Frostborn (Thrones & Bones # 1)
By Lou Anders (August 5th 2014, Crown Books for Young Readers)
12-year-old Karn is set to inherit his father’s large farm and become a hauld. But he has no interest in farming or trading, and would rather play a game of Thrones and Bones or travel the world.
On a trading trip with his father, he meets Thianna, a half-giant who is dealing with her own problematic past and feels excluded in her village of giants.
When Karn accidentally calls upon an After Walker – an undead warrior king – and Thianna’s mother’s mysterious past comes to haunt her, they must both leave everything they had ever know behind and flee into the snowy wilderness of Norrøngard.
Going into Frostborn, I was expecting a dense, world building-heavy high fantasy, but to my surprise and pleasure, it turned out to be something altogether different.
The most immediately striking thing about Frostborn is its modern sensibility, from the language to the dialogue to the fun humor. Every aspect was executed in a fresh and accessibly way, making it an ideal choice of young readers.
Anders created a world that is well realized and engaging, without weighing the reader down with dense description or overlong exposition. The history and lore were also perfectly integrated, adding depth and personality to this already complex world of frost giants, warriors, dwarves, and fabled dragons.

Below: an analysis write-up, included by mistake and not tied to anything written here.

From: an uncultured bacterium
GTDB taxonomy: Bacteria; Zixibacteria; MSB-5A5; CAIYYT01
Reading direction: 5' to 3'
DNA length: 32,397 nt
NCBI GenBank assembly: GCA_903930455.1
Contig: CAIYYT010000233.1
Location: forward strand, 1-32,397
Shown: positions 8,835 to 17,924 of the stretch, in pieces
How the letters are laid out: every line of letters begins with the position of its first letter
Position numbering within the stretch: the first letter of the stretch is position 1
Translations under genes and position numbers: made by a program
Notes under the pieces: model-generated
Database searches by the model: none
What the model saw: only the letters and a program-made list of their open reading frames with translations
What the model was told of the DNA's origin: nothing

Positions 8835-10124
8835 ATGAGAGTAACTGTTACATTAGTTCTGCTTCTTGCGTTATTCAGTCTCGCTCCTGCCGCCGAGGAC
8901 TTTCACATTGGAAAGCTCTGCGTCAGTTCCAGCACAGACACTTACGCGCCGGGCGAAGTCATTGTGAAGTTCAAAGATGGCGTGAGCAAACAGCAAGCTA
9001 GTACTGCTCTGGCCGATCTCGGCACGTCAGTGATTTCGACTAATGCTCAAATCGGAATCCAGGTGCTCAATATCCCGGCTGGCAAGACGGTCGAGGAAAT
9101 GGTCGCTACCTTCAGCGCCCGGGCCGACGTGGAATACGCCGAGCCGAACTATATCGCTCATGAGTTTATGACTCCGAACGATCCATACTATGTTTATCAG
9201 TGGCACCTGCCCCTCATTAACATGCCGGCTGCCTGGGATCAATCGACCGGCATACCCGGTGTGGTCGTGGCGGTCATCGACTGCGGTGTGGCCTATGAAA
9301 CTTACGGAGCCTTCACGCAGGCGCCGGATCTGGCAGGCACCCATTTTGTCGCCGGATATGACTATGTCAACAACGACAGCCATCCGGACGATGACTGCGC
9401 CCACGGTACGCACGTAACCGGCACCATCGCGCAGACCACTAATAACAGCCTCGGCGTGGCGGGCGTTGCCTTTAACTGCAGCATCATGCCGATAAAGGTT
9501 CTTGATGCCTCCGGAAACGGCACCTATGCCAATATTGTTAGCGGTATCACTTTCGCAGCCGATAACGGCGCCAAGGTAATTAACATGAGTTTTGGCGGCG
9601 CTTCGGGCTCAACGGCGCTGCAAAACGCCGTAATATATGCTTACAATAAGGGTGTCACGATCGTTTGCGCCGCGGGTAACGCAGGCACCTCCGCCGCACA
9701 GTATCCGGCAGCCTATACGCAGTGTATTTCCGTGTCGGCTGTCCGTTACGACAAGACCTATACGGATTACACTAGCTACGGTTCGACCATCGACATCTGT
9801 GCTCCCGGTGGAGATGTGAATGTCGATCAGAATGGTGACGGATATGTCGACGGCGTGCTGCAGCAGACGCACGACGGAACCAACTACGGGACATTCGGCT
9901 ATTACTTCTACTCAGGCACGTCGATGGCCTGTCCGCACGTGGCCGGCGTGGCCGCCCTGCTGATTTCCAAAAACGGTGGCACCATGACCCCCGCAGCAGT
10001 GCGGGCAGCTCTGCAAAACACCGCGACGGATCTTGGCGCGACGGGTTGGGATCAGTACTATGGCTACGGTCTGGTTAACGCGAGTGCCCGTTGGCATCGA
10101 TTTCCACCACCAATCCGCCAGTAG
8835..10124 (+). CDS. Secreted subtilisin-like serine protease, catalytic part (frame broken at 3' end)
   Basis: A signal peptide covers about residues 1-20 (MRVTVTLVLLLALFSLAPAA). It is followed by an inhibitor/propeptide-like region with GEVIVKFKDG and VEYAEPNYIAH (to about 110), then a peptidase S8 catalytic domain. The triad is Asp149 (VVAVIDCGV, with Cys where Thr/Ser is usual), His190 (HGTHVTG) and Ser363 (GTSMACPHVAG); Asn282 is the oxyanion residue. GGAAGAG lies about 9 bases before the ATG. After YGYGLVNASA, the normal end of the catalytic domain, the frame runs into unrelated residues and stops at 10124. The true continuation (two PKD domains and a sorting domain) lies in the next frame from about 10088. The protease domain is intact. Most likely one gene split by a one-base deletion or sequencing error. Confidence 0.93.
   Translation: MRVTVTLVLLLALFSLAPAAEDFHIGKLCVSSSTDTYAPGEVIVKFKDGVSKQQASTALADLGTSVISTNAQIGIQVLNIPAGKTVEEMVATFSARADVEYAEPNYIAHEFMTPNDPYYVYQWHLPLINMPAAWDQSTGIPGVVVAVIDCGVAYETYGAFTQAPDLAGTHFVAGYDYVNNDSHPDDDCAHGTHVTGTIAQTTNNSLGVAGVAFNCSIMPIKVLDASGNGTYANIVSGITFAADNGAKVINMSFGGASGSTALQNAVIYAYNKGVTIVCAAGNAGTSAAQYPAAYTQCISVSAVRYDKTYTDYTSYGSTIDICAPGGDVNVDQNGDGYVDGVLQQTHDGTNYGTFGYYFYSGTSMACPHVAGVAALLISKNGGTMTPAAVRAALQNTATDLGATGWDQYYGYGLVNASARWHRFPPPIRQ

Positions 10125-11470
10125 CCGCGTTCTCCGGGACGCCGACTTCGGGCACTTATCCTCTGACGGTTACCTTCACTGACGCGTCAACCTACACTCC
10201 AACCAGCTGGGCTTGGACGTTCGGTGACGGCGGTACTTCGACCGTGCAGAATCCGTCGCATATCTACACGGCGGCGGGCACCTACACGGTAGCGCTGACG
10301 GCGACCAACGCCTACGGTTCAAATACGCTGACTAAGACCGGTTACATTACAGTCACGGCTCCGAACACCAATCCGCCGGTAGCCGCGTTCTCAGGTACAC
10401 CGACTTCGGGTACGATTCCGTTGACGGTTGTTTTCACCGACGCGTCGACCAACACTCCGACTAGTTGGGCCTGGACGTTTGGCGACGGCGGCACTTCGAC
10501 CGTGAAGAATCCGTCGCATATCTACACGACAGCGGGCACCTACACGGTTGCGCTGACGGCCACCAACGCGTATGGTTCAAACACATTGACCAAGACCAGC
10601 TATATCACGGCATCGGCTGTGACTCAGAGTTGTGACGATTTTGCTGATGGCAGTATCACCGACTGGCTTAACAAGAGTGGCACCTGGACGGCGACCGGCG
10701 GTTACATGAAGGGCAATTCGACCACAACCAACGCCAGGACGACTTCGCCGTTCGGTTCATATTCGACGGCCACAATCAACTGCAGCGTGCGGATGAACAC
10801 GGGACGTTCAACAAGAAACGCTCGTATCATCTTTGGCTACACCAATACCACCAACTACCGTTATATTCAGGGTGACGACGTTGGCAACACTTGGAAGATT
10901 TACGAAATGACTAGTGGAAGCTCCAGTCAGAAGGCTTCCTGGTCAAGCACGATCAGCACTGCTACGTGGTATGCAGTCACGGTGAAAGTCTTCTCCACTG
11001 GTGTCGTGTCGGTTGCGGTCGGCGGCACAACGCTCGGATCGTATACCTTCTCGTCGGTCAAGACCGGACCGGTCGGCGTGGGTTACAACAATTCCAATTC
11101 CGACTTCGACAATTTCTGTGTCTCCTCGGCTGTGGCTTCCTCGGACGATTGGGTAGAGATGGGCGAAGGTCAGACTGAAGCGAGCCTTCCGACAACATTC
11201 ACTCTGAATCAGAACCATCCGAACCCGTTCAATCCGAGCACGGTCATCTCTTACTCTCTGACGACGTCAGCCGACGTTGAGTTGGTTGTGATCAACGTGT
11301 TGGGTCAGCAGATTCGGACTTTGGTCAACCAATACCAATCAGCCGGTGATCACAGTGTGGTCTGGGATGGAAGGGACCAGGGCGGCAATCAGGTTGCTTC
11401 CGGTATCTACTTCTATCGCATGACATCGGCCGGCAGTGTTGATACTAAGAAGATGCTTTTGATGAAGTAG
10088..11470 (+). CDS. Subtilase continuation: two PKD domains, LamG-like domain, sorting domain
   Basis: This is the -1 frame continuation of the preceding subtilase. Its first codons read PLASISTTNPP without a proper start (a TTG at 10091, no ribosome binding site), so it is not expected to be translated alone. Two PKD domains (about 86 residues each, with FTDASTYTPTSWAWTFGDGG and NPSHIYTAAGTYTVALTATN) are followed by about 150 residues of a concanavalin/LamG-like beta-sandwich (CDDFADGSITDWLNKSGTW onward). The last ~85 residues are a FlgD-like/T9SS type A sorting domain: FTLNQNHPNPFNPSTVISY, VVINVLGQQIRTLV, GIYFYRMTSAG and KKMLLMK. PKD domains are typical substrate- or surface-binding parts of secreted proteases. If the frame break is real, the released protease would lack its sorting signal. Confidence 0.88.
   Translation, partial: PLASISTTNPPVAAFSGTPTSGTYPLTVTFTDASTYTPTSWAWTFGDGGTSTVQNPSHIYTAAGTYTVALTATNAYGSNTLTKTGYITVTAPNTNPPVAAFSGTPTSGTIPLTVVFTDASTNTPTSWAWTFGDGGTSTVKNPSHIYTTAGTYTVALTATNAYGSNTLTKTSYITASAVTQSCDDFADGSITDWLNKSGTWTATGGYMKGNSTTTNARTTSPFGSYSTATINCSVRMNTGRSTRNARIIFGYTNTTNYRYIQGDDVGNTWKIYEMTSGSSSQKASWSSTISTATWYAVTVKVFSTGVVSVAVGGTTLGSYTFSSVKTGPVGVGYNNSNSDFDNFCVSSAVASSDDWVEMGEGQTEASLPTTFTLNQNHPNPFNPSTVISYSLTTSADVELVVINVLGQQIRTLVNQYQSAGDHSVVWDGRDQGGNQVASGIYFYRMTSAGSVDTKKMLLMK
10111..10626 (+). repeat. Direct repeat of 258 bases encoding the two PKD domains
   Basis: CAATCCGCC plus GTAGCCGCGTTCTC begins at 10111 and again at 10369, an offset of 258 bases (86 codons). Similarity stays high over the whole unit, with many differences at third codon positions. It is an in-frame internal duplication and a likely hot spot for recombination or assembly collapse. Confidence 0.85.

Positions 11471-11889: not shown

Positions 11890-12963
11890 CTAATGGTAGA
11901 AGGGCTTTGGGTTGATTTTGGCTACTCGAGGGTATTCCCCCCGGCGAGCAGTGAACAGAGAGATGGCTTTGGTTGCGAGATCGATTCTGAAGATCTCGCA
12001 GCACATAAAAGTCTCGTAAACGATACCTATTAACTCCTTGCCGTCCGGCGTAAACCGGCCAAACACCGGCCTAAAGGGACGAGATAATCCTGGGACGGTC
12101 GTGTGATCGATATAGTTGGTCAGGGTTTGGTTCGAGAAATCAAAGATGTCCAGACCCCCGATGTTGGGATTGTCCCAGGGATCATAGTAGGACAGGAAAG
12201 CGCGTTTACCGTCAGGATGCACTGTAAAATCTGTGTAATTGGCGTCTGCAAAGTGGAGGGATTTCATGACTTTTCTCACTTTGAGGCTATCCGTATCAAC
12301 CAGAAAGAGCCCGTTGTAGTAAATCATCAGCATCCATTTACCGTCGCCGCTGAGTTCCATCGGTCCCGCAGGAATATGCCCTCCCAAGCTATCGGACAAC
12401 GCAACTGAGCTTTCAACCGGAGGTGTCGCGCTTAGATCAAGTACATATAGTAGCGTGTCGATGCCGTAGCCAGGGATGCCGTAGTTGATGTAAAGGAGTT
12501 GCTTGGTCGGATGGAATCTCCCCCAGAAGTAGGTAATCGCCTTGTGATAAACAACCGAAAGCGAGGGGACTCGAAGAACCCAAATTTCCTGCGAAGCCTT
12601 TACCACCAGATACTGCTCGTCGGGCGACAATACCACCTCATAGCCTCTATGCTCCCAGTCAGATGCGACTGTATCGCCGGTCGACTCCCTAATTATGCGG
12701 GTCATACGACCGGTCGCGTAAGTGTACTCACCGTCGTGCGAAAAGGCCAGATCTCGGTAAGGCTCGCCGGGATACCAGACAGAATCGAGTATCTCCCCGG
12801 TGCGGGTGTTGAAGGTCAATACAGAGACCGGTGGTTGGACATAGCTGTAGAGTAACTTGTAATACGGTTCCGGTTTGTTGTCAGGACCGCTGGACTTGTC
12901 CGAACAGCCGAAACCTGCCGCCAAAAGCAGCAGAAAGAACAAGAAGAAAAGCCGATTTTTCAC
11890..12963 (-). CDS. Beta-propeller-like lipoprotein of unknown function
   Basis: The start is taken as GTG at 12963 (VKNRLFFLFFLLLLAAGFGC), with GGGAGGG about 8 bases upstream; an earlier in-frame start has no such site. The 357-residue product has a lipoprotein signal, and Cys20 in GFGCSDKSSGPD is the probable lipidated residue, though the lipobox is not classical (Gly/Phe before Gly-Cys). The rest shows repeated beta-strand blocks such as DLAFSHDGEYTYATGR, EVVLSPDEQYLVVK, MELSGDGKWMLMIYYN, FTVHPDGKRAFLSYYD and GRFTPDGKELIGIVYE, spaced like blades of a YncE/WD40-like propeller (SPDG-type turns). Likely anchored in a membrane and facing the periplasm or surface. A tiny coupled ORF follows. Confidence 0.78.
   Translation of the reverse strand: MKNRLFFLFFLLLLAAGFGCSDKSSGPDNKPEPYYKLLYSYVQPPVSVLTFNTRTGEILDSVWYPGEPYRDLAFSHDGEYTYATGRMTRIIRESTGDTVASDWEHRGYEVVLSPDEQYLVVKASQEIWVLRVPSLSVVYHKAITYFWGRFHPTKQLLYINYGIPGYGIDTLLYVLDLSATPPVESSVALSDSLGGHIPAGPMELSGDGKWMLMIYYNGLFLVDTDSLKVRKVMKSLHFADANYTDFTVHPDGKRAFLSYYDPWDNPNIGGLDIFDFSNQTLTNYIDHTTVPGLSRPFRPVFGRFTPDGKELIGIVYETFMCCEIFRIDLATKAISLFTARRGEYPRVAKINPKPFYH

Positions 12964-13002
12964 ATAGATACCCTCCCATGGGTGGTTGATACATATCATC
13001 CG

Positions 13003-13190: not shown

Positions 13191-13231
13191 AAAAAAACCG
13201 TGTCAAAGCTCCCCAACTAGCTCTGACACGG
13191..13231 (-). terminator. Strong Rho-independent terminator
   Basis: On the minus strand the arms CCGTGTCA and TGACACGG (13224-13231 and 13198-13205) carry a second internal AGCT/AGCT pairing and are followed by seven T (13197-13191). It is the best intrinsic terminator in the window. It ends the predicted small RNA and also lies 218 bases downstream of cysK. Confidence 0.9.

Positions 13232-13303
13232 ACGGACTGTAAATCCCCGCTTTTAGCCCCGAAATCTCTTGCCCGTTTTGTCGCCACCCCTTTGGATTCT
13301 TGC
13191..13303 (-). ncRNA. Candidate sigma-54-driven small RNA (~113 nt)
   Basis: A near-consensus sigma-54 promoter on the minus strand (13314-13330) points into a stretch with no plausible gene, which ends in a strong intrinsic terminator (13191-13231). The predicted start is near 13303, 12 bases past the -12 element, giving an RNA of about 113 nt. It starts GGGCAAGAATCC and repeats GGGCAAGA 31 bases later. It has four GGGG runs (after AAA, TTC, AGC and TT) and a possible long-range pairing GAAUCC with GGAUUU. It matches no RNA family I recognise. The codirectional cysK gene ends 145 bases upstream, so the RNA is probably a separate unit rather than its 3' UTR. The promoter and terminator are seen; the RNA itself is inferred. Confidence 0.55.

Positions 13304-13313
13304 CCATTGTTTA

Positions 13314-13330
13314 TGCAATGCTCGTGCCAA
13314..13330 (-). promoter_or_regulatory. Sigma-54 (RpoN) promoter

The characters – though not amazing – are fun and likable, especially Karn, who uses his intelligence and gaming skills to best his foes again and again. Thianna was also a nice addition: brave, brash, and unfailing loyal. I really look forward to seeing her evolution over the rest of the series.
Though there is nothing outright terrible about Frostborn, plot is definitely its Achilles’s heel. The beginning is good enough: light, breezy, and very funny, but the plot pretty much flatlines after the author is done setting up the world and characters. For a big chunk of the book, we see Karn and Thianna wandering in the wilderness (separately and together), going from small scrape to the next without any real purpose.
There were also a few too-convenient coincidences that undermine
d any sense of real
danger, and there was a very obvious bit of deceit that Karn took far too long
to see through, despite being very intelligent otherwise.
Another problem was character development, especially Thianna’s. It was clear that Anders had intended for both main characters to be equivalently important, but Karn was by far the more developed and despite its name (Frostborn later becomes Thianna’s last name), felt more like his story. I felt that Thianna’s backstory, which ironically seemed more interesting and mysterious than Karn’s, wasn’t developed enough, and her personal struggles didn’t feel as real as, either.
Fresh, imaginative, and well written, Frostborn is a solid choice for readers looking for a less dense, more accessible high fantasy without sacrificing any of the immersive qualities that make the genre so popular.
Get Frostborn on Book Depository
For more excellent MG book recommendations, go to Shannon Messenger's blog.
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